While some crime prevention actions were in the domain of schools or social service agencies, such as frequent visits by nurses to the homes of mothers and infants at risk, some were more directly connected to policing and had locational components that lent themselves to the application of geographic tools:

  • Nuisance abatement action on landlords of rental housing plagued by drug dealing. Where are the landlords? Where are the subject properties? What properties does a certain landlord own across a city? Once mapped, how can nuisance abatement action be planned to make the best use of both time and space resources? Can a network analysis program be used to optimize visits to properties?

  • Extra police patrols for high-crime hot spots. Where are the hot spots? How can patrol resources be optimized so that the patrol presence is proportional to the severity of crime in the hot spot? (Hot spots could be evaluated in terms of responses that allocate a fair share of the resources available on a given shift.)

  • Monitoring of high-risk repeat offenders by specialized police patrols. Where do released repeat offenders live? What does this pattern look like? Can repeat offenders be categorized or prioritized by the degree of risk they present, including the risk of repeating and the potential severity of the crimes they are likely to commit based on their histories?

  • On-scene arrests for domestic abusers who are employed or who live in areas where most households have an employed adult. Where are the salient locations? What are the home and work addresses of offenders? Can information on the current whereabouts of offenders and other locational data be maintained in a periodically updated registry?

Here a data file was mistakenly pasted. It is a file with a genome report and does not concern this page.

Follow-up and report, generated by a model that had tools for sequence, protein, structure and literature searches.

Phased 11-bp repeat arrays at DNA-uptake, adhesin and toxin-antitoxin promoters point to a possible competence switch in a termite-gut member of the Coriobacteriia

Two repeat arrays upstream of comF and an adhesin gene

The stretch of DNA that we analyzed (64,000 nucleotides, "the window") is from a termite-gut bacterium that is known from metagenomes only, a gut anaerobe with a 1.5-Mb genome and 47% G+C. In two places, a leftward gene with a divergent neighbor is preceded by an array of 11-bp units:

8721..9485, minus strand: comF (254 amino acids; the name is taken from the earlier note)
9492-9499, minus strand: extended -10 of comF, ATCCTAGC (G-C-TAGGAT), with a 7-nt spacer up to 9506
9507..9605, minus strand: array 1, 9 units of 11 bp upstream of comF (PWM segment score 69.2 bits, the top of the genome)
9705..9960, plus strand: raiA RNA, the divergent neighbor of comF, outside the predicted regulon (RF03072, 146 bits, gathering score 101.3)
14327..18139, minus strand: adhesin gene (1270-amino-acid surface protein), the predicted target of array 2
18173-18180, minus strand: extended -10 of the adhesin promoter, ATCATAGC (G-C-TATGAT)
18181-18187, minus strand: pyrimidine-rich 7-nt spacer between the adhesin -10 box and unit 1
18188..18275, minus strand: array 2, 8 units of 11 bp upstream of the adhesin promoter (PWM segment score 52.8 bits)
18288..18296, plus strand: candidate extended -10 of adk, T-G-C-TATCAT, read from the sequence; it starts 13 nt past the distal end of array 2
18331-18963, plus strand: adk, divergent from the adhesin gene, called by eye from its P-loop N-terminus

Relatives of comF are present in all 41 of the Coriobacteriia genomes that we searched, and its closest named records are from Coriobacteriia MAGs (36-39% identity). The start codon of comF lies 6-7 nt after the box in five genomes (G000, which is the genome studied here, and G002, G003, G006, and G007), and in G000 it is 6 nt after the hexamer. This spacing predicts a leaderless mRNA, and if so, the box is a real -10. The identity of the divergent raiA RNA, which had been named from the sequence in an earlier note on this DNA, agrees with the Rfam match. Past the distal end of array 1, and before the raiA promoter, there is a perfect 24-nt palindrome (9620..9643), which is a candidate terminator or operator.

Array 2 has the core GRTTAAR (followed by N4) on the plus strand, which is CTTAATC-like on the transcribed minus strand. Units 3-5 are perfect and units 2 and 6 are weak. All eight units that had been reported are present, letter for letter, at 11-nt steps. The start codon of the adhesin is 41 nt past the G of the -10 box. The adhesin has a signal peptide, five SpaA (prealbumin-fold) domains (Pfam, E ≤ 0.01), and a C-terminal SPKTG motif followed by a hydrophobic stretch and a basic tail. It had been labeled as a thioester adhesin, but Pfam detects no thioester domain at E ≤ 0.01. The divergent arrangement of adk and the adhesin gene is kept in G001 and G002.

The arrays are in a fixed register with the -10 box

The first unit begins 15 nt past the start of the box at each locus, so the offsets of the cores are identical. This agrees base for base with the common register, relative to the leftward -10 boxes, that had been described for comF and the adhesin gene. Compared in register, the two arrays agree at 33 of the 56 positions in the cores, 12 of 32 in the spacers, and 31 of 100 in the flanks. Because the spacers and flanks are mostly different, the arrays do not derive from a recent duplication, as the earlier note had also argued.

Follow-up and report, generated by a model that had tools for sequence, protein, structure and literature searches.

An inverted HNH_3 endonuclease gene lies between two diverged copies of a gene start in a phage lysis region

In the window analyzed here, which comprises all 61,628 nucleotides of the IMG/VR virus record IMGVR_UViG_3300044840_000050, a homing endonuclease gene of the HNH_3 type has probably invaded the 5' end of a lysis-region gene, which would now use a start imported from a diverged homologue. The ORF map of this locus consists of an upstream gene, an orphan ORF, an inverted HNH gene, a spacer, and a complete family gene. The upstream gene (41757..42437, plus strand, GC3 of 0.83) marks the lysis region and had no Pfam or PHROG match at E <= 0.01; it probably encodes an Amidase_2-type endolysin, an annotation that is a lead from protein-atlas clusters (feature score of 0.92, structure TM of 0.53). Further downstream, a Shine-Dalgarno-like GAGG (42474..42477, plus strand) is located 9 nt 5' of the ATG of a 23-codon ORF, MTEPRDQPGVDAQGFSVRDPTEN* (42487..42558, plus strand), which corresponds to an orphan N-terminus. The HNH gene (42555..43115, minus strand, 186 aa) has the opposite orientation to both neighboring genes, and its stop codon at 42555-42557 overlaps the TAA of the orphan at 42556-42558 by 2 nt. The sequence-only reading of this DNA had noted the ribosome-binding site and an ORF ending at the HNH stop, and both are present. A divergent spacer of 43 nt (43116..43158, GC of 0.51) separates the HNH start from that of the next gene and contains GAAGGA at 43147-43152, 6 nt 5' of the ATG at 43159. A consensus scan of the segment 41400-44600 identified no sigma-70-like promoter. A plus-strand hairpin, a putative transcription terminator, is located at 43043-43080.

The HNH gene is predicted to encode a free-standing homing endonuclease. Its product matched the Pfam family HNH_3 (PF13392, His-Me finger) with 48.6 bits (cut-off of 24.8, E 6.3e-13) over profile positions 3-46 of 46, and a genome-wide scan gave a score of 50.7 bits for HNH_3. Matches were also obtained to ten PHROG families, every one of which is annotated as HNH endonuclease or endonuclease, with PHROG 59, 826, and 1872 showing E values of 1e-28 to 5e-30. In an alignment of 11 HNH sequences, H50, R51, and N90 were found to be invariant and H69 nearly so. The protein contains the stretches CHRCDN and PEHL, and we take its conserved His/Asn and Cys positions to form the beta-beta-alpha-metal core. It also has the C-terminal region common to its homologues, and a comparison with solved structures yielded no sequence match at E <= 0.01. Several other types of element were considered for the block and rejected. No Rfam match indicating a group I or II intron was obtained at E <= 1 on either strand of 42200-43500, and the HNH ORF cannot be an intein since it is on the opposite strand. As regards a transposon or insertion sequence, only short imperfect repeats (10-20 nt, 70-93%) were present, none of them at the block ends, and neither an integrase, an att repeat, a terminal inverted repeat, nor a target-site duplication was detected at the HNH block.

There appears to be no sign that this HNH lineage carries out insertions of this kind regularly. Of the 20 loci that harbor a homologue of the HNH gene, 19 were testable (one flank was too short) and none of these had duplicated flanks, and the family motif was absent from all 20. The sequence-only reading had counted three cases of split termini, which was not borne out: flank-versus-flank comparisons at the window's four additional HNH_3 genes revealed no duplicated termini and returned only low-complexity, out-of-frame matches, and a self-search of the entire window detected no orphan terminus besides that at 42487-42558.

• Therapeutic community treatment programs for drug-using offenders in prison. This action recommendation reflects the work of Harris, Huenke, and O'Connell (1998). They used mapping to increase released offenders' access to services in Delaware, plotting locations of substance abuse, mental health, employment, and other social services, and relating them to the most recent addresses of probationers or parolees.

An example of a crime prevention program using geographic data in creative ways is the autodialer system employed by the Baltimore County Police Department in Maryland (Canter, 1997, 1998). Analysts subjectively identify clusters of incidents that have similar modus operandi and occur relatively close to one another (figure 5.9). Then a GIS is used first to randomly select telephone numbers in the ZIP Code area coinciding with the area under analysis, and second to further narrow down the numbers to the general area of the crime hot spot. The autodialer then calls all the telephone numbers on the list with a message from the police department relaying precautions to take and asking for reports of suspicious behavior. Experience shows that because some displacement of crime seems to occur, target polygons or areas must be expanded to take this displacement into account. Evaluation of the system suggests that it influences the actions of the community, the offender, and the police. Community awareness appears to heighten (911 calls reporting suspicious persons and vehicles increase significantly), and crime appears reduced, in spite of the moderate displacement effect.

Figure 5.9

Chapter 5: Synthesis and Applications
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Mapping Crime: Principle and Practice, by Keith Harries, Ph.D., December 1999